Monday, August 03, 2015

The Silent Generation's Luck--I Thought It Was Me

Wonkblog has a post discussing wealth and income over a lifetime, using generational cohorts.  The money quote for me:
 The winners of this historical jackpot appear to be those who were born between 1930 and 1945 and came of age after World War II, who are sometimes called The Silent Generation....
...the Silent Generation appears to get an additional boost because they were born during the Great Depression, a time when people had fewer babies overall. Their lower population meant that they had less competition overall for jobs, housing, investments and other opportunities. Sociologist Elwood Carlson called the generation “the lucky few” because they were smaller than the generation that came before. African-Americans and women born in those years had far more opportunity, and the generation also benefited from the expansion of the American safety net, including Social Security and Medicare, during their lives.
The Silent Generation is me.  Actually, I'm not surprised by this article.  When I joined ASCS in 1968 there were still a handful of employees around from the New Deal days, though most I think had joined the agency after WWII.  We had a week of orientation for new employees. During one session the director of the Personnel Management Division described the number of employees who were near or at retirement age.  What it meant for my own career was I moved up the ladder quickly simply because people were retiring, so I didn't have much competition (except in one instance).  Of course, most days I believe my promotions were a tribute to my hard work and smarts, not the luck of being born at the right time.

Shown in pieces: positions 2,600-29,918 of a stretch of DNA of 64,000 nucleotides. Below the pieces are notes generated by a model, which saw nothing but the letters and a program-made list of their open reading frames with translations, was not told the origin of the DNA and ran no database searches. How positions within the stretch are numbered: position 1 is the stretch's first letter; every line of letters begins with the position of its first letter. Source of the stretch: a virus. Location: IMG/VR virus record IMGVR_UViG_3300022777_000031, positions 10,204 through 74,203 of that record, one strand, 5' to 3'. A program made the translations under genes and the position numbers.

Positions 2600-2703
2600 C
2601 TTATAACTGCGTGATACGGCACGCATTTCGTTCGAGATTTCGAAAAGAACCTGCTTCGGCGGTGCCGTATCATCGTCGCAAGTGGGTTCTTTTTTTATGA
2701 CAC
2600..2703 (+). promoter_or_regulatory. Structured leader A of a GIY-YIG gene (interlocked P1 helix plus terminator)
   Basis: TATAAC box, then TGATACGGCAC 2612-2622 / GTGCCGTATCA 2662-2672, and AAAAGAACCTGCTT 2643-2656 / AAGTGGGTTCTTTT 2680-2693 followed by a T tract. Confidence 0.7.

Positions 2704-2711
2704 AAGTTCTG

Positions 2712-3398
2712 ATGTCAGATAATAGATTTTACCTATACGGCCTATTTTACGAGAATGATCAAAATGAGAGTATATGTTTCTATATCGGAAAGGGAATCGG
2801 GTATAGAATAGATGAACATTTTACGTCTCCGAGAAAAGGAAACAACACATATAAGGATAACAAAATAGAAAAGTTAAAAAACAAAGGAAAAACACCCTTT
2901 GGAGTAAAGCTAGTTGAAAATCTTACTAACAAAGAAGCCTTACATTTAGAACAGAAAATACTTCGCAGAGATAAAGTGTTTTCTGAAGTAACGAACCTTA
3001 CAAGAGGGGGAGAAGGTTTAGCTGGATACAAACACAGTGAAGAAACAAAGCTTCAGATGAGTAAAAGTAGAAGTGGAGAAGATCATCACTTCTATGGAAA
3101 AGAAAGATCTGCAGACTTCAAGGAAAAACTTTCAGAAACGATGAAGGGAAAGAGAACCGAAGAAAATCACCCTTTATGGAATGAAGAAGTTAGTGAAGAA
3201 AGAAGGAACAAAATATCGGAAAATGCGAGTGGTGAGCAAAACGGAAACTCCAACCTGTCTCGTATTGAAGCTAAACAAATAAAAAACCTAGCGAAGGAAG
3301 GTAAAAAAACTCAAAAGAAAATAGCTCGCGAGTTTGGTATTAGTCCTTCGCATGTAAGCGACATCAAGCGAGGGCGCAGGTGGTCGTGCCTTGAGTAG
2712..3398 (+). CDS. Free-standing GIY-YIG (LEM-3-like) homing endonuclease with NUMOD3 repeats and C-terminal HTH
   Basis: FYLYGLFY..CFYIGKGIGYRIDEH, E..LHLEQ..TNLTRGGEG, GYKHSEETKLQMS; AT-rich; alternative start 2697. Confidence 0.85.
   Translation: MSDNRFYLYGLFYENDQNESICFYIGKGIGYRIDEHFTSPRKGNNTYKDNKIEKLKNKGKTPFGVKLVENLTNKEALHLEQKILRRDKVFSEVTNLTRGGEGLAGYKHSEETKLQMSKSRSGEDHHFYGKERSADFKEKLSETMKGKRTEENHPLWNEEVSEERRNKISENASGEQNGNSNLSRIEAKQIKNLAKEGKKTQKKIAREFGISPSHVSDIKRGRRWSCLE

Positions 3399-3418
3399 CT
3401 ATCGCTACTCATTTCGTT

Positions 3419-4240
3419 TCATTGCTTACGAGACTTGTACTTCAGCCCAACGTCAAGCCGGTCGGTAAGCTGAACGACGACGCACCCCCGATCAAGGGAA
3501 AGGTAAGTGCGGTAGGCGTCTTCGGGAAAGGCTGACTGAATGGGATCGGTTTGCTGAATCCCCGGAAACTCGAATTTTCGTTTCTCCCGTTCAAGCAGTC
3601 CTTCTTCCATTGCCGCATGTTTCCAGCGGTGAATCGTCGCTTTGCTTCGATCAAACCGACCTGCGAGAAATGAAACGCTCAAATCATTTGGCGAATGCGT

Later, say by the late 80's, I was a branch chief and we'd hired a bunch of baby boomers, many former clerks from county office, as part of the effort to support the new IT system. But looking at my office, I knew there was a logjam.   Many, most, of my employees then had the potential to be inmanagement, at least given the prevailing theory that an excellent specialist makes a good manager.  (That theory isn't necessarily true, but it was the assumption in ASCS.) But I expected at least some of them would have to compete against each other if and when I moved out of my job.  With that in mind, I encouraged good employees to move to other units. While some  of my boomers did, in the end two of them did compete for my job.

I wonder how much such hidden factors impact our social issues.  For example, how much is the trend to adjunct professors in college necessitated because we removed mandatory retirement and the boomers are hanging on?

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